Good morning – in German!

Last week I wrote about the value of touch in the workplace. Basically, I’m for handshakes, high fives, pats on the shoulder and even hugs in the workplace as one way of creating and maintaining good workplace relationships and there’s science to indicate the importance and value of touches.

Gaby from Germany wrote this comment on the post:

I once worked for a bank in Germany (well these are two locations in which you would not normally expect “personal affection” ;-)).

The team was large, about 40 people worked in one open space office. It surprised me a lot that every morning, whoever arrived, walked through the whole office and greeted everybody with a handshake and some personal words. It did not matter if the team members came, the bosses from higher up or anybody from another department. It was known everywhere that here you greet everybody personally.

For the first week, I found that very strange and a bit intimidating. Also, it cost a lot of time all in all. Yet afterwards, I really enjoyed it. It gave everybody the chance to get to know the colleagues a bit better, to hear what they are off to or to realize that somebody is not in or just returned from a trip or vacation. There was no need to e-mail weekly lists on who is out when. We just knew it.

Btw, when I moved on to another job, I sort of missed it.

I love it! And in fact, one simple tool we teach people in our speeches and workshops is to greet co-workers with a level-5 good morning. This means a good morning, where you:

  • Make eye contact
  • Add something specific to that person
  • Touch the other person.

How do you greet your co-workers? How do you like to be greeted when you come in in the morning?

9 thoughts on “Good morning – in German!”

  1. Good morning – in UK
    Being a german working occasionally in the UK offices of my company I’m always stunned about the non-existence of greeting. But there’s a reason for this. Because all are working in open space offices everybody is trying to avoid distractions – and saying “Good Morning” or “Good Bye” is one. Whenever somebody comes to work or leaves it’s done without greetings. So the office layout that was thought to ease communication turned into the extreme opposite – and I stand out just because I keep on greeting. Odd.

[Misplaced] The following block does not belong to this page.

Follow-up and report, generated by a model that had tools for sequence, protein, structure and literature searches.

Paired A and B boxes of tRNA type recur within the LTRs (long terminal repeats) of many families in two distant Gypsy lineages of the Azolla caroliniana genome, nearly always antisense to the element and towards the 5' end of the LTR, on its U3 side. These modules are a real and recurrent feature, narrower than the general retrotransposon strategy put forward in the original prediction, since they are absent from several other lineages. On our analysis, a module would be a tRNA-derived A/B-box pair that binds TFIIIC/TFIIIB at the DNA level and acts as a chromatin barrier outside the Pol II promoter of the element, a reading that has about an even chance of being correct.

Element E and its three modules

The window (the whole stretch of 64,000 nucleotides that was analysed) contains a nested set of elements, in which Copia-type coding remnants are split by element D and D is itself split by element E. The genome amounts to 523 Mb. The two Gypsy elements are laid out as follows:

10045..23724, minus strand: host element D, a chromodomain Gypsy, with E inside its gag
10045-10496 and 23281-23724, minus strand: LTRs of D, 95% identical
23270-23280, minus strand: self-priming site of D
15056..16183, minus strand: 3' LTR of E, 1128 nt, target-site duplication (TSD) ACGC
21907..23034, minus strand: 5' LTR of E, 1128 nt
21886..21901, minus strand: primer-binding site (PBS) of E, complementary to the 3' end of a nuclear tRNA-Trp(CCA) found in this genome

2. Good Morning Alex, Good Morning everyone,

    How are you today?

    After waking up tired and unenthusiastic, I did not expect much this morning. Until I opened my e-mails….

    Thanks a lot for sharing my comment with your readers. This really means a lot to me and contributed to my happiness.

    Have a great weekend everyone,

    Gaby (right now in Spain)

  3. I also really enjoyed the original post and Gaby’s comment. It’s amazing what a difference a seemingly small gesture can make, especially if it makes a colleague or co-worker feel like you’re taking an interest in them and their life outside the office. I just started a part-time job about a month ago, and although the company is new and we are still getting to know one another, my co-workers went out of their way to celebrate my birthday when they found out I was turning 30 yesterday. They didn’t do anything crazy; they made me a small ice cream sundae and sang happy birthday, but it made me feel really good about each and every one of them, as well as the workplace in general.

  4. Noel: Happiness at work really is about lots of little things – and being celebrated like you were is definitely one. And happy birthday :o)

  5. I was an instructor when my 2,900 person organization was implementing difficult and painful new software. I was standing behing a woman’s chair, telling her ‘click here, click there.’ I touched her on the shoulder. She fliched, and screamed “Don’t touch me.” Please, no sexual harassment complaints for me. Different strokes.

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